The sky was taking on color, a comfortingly pale pink like the inside of an infant's mouth, and Lake Erie had become, all the way to the border with Canada beyond the horizon, the shiny, smooth metallic rose of those American sedans driven by elderly women. In the middle of this continuum Audrey felt a combined gratitude and hope that made her feel both lucky and unfulfilled. Now she could see in the back yard that the grass needed to be cut, and with equal light outside and in, she could no longer see her reflection in the kitchen window. Anyway, she'd switched from the nuisance of eyeglasses to the ease of her contact lenses, transparent slices of vision unrestricted by frames. And since Overlook Road rode the hip of the hill above Case Western Reserve University, the medical school was practically already within her view, even if only literally. Her question was, what else was she overlooking?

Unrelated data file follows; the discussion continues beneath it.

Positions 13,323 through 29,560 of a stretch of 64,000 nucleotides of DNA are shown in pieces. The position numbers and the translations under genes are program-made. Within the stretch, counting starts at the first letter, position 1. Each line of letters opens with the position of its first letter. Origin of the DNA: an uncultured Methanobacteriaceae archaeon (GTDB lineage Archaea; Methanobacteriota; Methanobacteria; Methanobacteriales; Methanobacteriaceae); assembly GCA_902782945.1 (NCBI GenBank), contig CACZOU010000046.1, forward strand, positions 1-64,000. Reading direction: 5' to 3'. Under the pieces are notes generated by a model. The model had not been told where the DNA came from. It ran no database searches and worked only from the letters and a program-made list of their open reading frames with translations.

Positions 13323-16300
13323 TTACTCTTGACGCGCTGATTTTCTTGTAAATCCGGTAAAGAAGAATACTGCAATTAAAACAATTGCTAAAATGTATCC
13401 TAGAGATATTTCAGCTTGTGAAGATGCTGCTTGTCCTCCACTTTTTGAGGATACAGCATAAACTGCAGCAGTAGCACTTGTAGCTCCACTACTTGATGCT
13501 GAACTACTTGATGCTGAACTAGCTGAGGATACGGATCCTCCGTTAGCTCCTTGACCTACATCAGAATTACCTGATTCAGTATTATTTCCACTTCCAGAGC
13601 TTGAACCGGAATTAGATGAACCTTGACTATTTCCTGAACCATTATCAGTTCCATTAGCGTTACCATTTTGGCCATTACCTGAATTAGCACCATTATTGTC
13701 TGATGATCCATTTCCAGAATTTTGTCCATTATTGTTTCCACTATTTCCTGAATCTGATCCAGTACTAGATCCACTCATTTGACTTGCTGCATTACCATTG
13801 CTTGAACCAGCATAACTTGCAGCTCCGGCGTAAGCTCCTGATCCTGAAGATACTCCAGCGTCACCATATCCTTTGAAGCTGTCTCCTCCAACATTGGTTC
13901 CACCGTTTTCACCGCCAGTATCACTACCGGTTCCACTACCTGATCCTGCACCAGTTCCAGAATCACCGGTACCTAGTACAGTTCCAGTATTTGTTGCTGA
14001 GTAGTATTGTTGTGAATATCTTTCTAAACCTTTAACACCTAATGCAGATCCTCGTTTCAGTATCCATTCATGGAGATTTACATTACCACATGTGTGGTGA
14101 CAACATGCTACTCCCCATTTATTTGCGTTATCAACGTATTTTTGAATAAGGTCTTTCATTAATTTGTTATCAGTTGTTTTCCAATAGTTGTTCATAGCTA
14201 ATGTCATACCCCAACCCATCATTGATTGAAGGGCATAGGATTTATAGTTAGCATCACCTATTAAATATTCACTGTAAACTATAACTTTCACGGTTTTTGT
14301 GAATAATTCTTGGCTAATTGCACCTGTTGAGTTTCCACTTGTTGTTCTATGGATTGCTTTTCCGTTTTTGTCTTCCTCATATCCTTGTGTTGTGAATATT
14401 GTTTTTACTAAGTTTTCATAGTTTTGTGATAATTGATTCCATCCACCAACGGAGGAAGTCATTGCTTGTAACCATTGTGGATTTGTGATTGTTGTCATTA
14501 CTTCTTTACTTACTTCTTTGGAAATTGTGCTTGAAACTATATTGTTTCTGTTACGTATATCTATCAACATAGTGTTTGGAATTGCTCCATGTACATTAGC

This nicely sited Colonial had been their starter house because, by the time Gregory married, he was already a judge elected to the same Common Pleas Court as, by now, he'd spent his entirely contented career. But since the court isn't officially in session without the judge present in the courtroom, she'd been the one to accommodate her work schedule to the needs of their daughters, so that, for example, she'd never missed a weekday lacrosse game. Today's was conveniently at Magnificat and, for a change, she wouldn't have to rush all the way across the city to get from Metro to the game. Her note to Gregory told him she and Sally would stop after the game for the makings of a special dinner. It went without saying that she'd choose a favorite of his in order to try to cheer him up a little, no matter that, ever since Rob, nothing much could.